Tesla’s Buffalo Solar Tiles: As Hot As They Seem?

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by Paula Mints

In August, Tesla (TSLA) announced that production of its roof tiles at its not-yet-a giga-factory in Buffalo New York would be delayed until late in 2017. Wait … it is late in 2017. Tesla indicated that production on the tiles was continuing at its 25-MWp pilot scale facility in Fremont, California. The Fremont facility was the former home of the dearly departed Silevo. On August 31 Tesla announced that it was now manufacturing solar cells at its facility in Buffalo and indicated it would have 2-GWp of cell capacity eventually. During Tesla’s earnings call Mr. Musk showed pictures of two rooftops with the company’s solar tiles installed on them but offered no production data, something he could have easily done. One of the pictures was of the tiles on Mr. Musk’s own roof.

Screen capture of video showing strength of Tesla’s solar tiles from Tesla website.

As to the solar tiles, Mr. Musk could clear up the confusion about its tiles by showing production data from his own roof. Back to the announced production at its Buffalo facility … just few months ago equipment was being delivered. Before commercial production can begin pilot scale production must – seriously, must – take place. In the August 31 announcement no mention of current capacity was made and employment described as “hundreds of employees” is not descriptive.

  • In 2014 SolarCity announced its acquisition of startup crystalline developer Silevo as well as its plans for a 1-GWp cell/module facility in Buffalo New York. At the time SolarCity said production would begin in Q1 2016
  • In 2015 SolarCity leased the former Solyndra space in Fremont, California for Silevo production and did the entire US solar industry a favor by taking down the Solyndra sign.
  • In 2015 manufacturing at the New York facility was delayed until early 2017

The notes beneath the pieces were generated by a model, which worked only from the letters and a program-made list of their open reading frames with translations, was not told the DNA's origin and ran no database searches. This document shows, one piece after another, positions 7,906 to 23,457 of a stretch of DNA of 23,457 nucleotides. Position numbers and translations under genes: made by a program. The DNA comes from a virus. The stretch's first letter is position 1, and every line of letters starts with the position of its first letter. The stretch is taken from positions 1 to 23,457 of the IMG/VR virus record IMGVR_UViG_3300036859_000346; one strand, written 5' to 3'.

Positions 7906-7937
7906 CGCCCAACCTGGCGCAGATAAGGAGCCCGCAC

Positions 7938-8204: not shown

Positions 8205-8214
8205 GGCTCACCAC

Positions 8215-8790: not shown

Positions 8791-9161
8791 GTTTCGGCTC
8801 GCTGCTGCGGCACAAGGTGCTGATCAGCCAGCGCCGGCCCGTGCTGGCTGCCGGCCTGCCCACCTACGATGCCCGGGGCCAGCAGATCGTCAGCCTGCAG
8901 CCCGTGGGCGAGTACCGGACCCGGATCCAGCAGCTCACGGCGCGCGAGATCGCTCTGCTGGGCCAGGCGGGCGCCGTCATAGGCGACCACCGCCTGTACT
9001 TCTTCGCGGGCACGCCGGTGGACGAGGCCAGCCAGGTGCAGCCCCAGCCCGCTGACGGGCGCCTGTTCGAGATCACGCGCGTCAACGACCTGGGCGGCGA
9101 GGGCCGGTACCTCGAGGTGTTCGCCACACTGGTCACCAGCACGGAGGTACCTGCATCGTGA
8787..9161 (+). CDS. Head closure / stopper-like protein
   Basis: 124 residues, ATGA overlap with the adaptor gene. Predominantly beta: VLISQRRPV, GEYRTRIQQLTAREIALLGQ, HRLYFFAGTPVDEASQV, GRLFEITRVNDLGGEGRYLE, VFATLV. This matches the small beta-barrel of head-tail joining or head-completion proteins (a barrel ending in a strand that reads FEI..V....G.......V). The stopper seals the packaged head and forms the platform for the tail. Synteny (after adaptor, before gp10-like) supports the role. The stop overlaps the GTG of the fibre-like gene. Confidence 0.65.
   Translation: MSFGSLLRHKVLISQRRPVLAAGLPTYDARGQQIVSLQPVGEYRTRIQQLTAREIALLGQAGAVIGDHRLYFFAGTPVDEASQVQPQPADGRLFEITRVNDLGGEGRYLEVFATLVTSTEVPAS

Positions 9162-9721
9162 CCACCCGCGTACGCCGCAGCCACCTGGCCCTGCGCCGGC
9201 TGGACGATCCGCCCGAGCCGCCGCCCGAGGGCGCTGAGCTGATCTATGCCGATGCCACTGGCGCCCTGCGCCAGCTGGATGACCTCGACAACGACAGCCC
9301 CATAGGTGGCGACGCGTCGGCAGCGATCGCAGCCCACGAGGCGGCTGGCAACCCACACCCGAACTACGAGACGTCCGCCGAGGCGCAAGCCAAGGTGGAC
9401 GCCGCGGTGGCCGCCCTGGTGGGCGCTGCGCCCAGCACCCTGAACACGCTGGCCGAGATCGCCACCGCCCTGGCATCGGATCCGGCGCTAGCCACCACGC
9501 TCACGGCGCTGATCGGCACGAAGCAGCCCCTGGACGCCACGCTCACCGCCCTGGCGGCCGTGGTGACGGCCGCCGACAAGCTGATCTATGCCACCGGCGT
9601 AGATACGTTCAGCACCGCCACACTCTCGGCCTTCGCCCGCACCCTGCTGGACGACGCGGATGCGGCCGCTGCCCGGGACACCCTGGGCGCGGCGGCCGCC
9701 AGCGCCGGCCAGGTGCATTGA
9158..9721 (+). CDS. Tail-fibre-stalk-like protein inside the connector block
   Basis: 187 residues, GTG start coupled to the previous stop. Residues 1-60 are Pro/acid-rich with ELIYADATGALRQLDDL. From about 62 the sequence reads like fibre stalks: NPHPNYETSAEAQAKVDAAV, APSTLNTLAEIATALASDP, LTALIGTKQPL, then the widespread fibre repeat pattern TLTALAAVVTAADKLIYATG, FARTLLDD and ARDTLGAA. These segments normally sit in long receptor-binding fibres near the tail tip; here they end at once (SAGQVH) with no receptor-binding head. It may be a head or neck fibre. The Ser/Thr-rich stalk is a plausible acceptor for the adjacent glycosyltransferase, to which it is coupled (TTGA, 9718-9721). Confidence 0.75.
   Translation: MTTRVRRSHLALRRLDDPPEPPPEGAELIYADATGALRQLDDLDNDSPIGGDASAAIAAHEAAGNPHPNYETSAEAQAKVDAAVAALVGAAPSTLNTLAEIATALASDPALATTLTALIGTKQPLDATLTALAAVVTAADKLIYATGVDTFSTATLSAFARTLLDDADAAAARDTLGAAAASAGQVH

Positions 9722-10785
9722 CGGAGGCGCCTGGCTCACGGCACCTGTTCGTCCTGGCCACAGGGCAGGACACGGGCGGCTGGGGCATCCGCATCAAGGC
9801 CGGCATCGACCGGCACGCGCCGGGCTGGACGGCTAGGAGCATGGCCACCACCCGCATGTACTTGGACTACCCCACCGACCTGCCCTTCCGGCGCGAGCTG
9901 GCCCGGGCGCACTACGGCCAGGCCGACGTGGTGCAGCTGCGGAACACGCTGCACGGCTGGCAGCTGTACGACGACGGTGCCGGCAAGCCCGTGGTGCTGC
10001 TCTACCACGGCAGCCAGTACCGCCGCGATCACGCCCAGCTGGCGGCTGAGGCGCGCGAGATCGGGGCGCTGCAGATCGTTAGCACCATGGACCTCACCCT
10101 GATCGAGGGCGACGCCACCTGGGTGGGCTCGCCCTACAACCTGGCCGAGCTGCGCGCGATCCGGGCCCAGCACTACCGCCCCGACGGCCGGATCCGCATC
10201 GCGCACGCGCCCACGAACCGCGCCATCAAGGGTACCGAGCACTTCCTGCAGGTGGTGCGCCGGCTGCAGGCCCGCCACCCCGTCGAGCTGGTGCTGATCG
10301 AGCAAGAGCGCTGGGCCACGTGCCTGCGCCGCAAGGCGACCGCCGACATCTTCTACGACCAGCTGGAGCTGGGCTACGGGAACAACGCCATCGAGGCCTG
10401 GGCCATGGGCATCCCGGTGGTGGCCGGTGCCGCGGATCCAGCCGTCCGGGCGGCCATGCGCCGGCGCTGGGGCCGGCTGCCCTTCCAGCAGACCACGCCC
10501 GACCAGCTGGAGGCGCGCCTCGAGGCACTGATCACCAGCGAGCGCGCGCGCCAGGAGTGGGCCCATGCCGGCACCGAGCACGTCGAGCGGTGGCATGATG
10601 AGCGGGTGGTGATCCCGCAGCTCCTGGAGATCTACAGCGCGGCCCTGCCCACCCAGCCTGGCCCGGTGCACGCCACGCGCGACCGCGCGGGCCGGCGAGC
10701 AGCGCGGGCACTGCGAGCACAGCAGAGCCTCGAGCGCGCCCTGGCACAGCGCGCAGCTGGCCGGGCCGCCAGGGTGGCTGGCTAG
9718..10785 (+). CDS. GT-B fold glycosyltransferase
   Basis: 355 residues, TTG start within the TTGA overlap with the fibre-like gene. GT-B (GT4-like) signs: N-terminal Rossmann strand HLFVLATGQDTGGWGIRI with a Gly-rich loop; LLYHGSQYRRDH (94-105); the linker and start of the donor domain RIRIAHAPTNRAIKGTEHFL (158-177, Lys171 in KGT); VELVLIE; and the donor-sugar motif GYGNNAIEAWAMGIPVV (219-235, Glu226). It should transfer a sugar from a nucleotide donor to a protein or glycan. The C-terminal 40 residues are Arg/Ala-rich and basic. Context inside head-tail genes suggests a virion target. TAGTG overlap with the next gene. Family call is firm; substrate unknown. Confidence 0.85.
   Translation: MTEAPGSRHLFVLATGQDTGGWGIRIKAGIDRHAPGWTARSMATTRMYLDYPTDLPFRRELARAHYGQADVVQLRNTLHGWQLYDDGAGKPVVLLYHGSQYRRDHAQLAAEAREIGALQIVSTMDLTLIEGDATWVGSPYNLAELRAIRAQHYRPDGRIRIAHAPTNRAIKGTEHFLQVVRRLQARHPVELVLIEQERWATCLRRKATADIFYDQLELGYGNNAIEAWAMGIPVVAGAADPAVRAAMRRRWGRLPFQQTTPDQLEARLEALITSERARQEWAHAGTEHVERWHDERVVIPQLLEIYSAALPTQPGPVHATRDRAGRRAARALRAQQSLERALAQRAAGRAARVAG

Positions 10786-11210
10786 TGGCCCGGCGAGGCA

• In 2016, after announcing the delay and producing nothing, SolarCity announced a BIPV product – what is now referred to as the Tesla solar tiles
  • In late 2016 Tesla received board approval for its corporate nepotism and Mr. Musk acquired his cousin’s company
  • In October 2016 Tesla demonstrated its solar tile roof by basically, showing people that it was on top of a house without showing any production data
  • In August 2017 Tesla announced production in Buffalo would begin in late 2017
  • BUT WAIT! On August 31 Tesla announced that production in Buffalo had begun

There is a lot of precedent for announcing future manufacturing capacity building and for re ferring to the future as if it were a fait accompli. In 2014 SolarCity announced to great fanfare its plans for the largest solar manufacturing facility in the US, a1-GWp c-Si facility in New York.

Many industry participants and observers took the announcement as proof of a US manufacturing renaissance.

Blast from the past: In April 2011 GE bought PrimeStar, a 30-MWp, pre-commercial CdTe manufacturer based in Colorado for $600-million. In its announcement GE stated that they would build the nation’s largest manufacturing facility, a 400-MWp CdTe facility in Colorado. In 2013, after failing to commercialize PrimeStar’s CdTe technology, GE sold the startup’s technology assets to First Solar in a stock deal valued at $82-million. The moral of this example is that though planning for the future is crucial, announcing these plans as fact is most often a
huge mistake.

Misleading PR driven solar news has trained readers to expect a constant stream of advancements and dulled the senses to the true nature of advancement. Technology breakthroughs are, as previously indicated, years and potentially decades from idea to prototype to champion result to pilot scale production to commercial competitiveness. Advancement is driven by repeatability that is, doing the same experiment or test again and again and again and again until an average result is achieve and can be repeated – again and again.

For example, in the mid-2000s companies such as Applied Materials, Oerlikon and others tried to leapfrog over the historic development timeline by offering turnkey manufacturing so that new entrants eager to make a buck in the photovoltaic industry could avoid years of trial and
error and jump almost immediately into commercial production. Years of announcements later the turnkey PV manufacturing model is rarely mentioned.

Paula Mints is founder of SPV Market Research, a classic solar market research practice focused on gathering data through primary research and providing analyses of the global solar industry.  You can find her on Twitter @PaulaMints1 and read her blog here.


  1. I have to wonder about Tesla. There are already other companies building solar roof panels who are pairing with home builders and shingle manufacturers to provide an excellent package. The company (Soltech Energy) is not as flashy as tesla, but they are actually doing something, and making money in the process. Seems that the only reason Tesla is so keen on PR is because they need to attract huge amounts of capital to cover the rapid rate at which they spend money.


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